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Canada imposes sanctions on Crimea officials, Chernomorneftegaz oil and gas company
Canada is introducing sanctions against two Crimean officials and the Chernomorneftegaz oil and gas company, Canadian Foreign Minister John Baird said on Saturday.
"Today, we are imposing sanctions on two additional individuals and on a Crimean oil and gas company," the diplomat said. He stressed that "Canada and its allies are prepared to take additional steps that will further isolate Russia economically and politically."
The Canadian Foreign Ministry specified that the sanctions are imposed on the head of the election commission of Sevastopol, Valery Medvedev, and his colleague from the election commission of Crimea Mikhail Malyshev.
"We remain steadfast in our support for Ukraine and will continue to work with allies and like-minded countries to apply pressure to Russia until it de-escalates the situation in Ukraine," Baird stated.
On March 1, Canadian Prime Minister Stephen Harper said that Canada was suspending preparations for the Group of Eight (G8) summit in Sochi and recalling its ambassador in Moscow for consultations. He later gave instructions to suspend all bilateral contacts between the Canadian armed forces and the RF military and suspend Canada's participation in the bilateral intergovernmental economic commission. Ottawa also expelled nine Russian military servicemen who were staying in the country under a programme of bilateral exchanges between the two states' Defence Ministries. On March 7, Harper said that Canada was imposing visa sanctions on a number of Russian officials, in connection with the developments in Ukraine.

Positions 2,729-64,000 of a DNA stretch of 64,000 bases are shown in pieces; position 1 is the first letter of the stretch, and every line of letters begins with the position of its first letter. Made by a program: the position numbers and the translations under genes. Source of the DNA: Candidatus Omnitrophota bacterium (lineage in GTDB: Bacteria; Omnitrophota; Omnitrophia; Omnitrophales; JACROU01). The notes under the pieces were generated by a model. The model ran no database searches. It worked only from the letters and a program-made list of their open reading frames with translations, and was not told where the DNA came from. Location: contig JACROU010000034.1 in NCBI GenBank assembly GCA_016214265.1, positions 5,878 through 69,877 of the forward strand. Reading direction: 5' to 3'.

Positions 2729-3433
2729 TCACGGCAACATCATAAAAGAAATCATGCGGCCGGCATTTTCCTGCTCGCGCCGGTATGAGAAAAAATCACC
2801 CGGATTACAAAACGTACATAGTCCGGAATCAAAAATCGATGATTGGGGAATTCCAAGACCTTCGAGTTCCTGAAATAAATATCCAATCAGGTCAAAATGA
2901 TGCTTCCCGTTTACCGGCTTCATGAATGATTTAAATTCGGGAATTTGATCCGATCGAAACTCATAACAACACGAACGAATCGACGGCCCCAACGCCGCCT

The press service of the U.S. Department of Commerce reported on April 11 that it included Crimea's Chernomorneftegaz in its blacklist. The American sanctions against the Crimean company Chernomorneftegaz make "part of the global struggle for control over energy resources," Crimean First Deputy Prime Minister Rustam Temirgaliyev noted on his Facebook webpage. Temirgaliyev was also blacklisted by the United States.
The Crimean Republic's first deputy prime minister drew attention to the fact that the U.S. support of "democracy" in Ukraine, as well as in Iraq or Libya "is very often accompanied by contracts of American companies on the exclusive recovery of hydrocarbons in these countries."
"The Black Sea shelf around Crimea is rich in oil and natural gas and many Western companies were already preparing for super profits... But Crimea reunited with Russia, Chernomorneftegaz became Crimean property of Russia, so the oil and gas production revenue will be spent on the development of the peninsula, and will not flow into the pockets of Western corporations," said Temirgaliyev.
[Source: Itar Tass, Ottawa, 13Apr14]
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